Thursday, February 5, 2009


WASHINGTON (AP) — Federal health officials are defending their handling of a salmonella outbreak that has killed at least eight people, telling Congress they had been hot on the trail of a peanut processor even before they were certain that peanuts to blame for hundreds of illnesses.

The Food and Drug Administration “began its investigation prior to having a strong epidemiological link to a particular food,” Stephen Sundlof, head of the agency’s food safety center, said in testimony prepared for delivery to the Senate Agriculture Committee.

More than 500 people have been sickened as a result of the outbreak, and at least eight may have died because of salmonella infections. More than 430 products have been pulled off the shelves in a recall that reaches to Canada and Europe.

The first signs of the outbreak were detected in November by the Centers for Disease Control and Prevention. But disease detectives initially suspected chicken was the culprit in clusters of salmonella infections.

On Jan. 7 and 8, after discussions between federal and Minnesota authorities, peanut butter was added to the short list of suspects when some people who had gotten sick reported eating peanut butter in nursing homes and at an elementary school. On Jan. 8, the FDA visited an Ohio distributor for Peanut Corp. of America.

The next day federal inspectors were at the company’s Blakely, Georgia, facility, which ultimately was identified as the source of the food poisoning. That same day, Jan. 9, Minnesota health officials found salmonella in an open container of peanut butter made at the plant. On Jan. 10, Minnesota made a positive match to the salmonella strain that caused the outbreak.

Lawmakers, however, may not be reassured. They are concerned about the state of the food safety system. As the list of recalled items containing peanut products surpasses 1,000, lawmakers are vowing to press for stronger food safety laws and more money for inspections.

“To say that food safety in this country is a patchwork system is giving it too much credit. It is a hit or miss gamble, and that is truly frightening,” said Agriculture Committee Chairman Sen. Tom Harkin, a Democrat. “It’s time to find the gaps in the system and remedy them.”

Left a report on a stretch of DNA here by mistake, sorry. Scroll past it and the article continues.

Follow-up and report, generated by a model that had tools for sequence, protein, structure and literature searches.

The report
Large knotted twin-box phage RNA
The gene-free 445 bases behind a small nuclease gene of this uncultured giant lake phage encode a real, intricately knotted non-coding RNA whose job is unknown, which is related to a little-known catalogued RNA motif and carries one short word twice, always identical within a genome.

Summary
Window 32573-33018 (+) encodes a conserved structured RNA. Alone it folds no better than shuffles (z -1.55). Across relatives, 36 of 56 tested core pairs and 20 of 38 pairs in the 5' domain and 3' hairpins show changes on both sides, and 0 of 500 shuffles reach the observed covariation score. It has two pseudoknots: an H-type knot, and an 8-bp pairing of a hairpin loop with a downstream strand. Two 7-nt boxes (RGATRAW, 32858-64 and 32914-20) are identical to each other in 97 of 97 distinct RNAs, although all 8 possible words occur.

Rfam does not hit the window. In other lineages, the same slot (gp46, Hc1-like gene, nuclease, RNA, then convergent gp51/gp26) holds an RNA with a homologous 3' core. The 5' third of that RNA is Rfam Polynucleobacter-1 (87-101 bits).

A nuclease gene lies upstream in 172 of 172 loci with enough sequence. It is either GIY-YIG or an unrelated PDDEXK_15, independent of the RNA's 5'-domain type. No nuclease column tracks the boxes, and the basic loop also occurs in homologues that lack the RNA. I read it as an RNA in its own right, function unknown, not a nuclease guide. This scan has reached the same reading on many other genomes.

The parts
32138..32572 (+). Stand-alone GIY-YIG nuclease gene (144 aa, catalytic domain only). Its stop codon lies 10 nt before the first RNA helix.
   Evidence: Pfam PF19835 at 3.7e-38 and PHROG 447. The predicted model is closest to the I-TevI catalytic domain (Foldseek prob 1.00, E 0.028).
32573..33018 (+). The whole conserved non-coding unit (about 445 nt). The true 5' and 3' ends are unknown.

The Peanut Corp., which produces a tiny share of U.S. peanut products, is being blamed. Authorities say the facility shipped peanut butter, paste and other products that had tested positive for salmonella. The company retested, got a negative reading, and shipped the products.

A criminal investigation is under way. The company has denied any wrongdoing and said Wednesday that its Blakely plant had received regular visits and inspections from state and federal authorities in 2008 and had gotten a “superior” rating from an independent inspection.

As the list of recall list grows, Assistant Surgeon General Ali Khan said it’s a textbook example of an ingredient-driven outbreak.

“The event illustrates how a large and widespread outbreak can occur from distribution of a single item to hundreds of foods,” Khan said in his prepared testimony.

Meanwhile, lawmakers are dusting off food safety legislation that went nowhere under administration of former President George W. Bush and are hoping for better luck under President Barack Obama, who has criticized the FDA’s handling of the outbreak.

But it remains unclear whether Congress can deliver major improvements in food safety this year, given the press of critical issues such as the shaky economy and a ballooning federal deficit.

All the reform proposals would give the FDA authority to order recalls, which are now voluntary.

Reformers also agree that food processing plants should be required to have a safety plan and document their compliance. And there is widespread agreement that standards for imported foods must be upgraded.

For more information, click on the FDA’s recall page.

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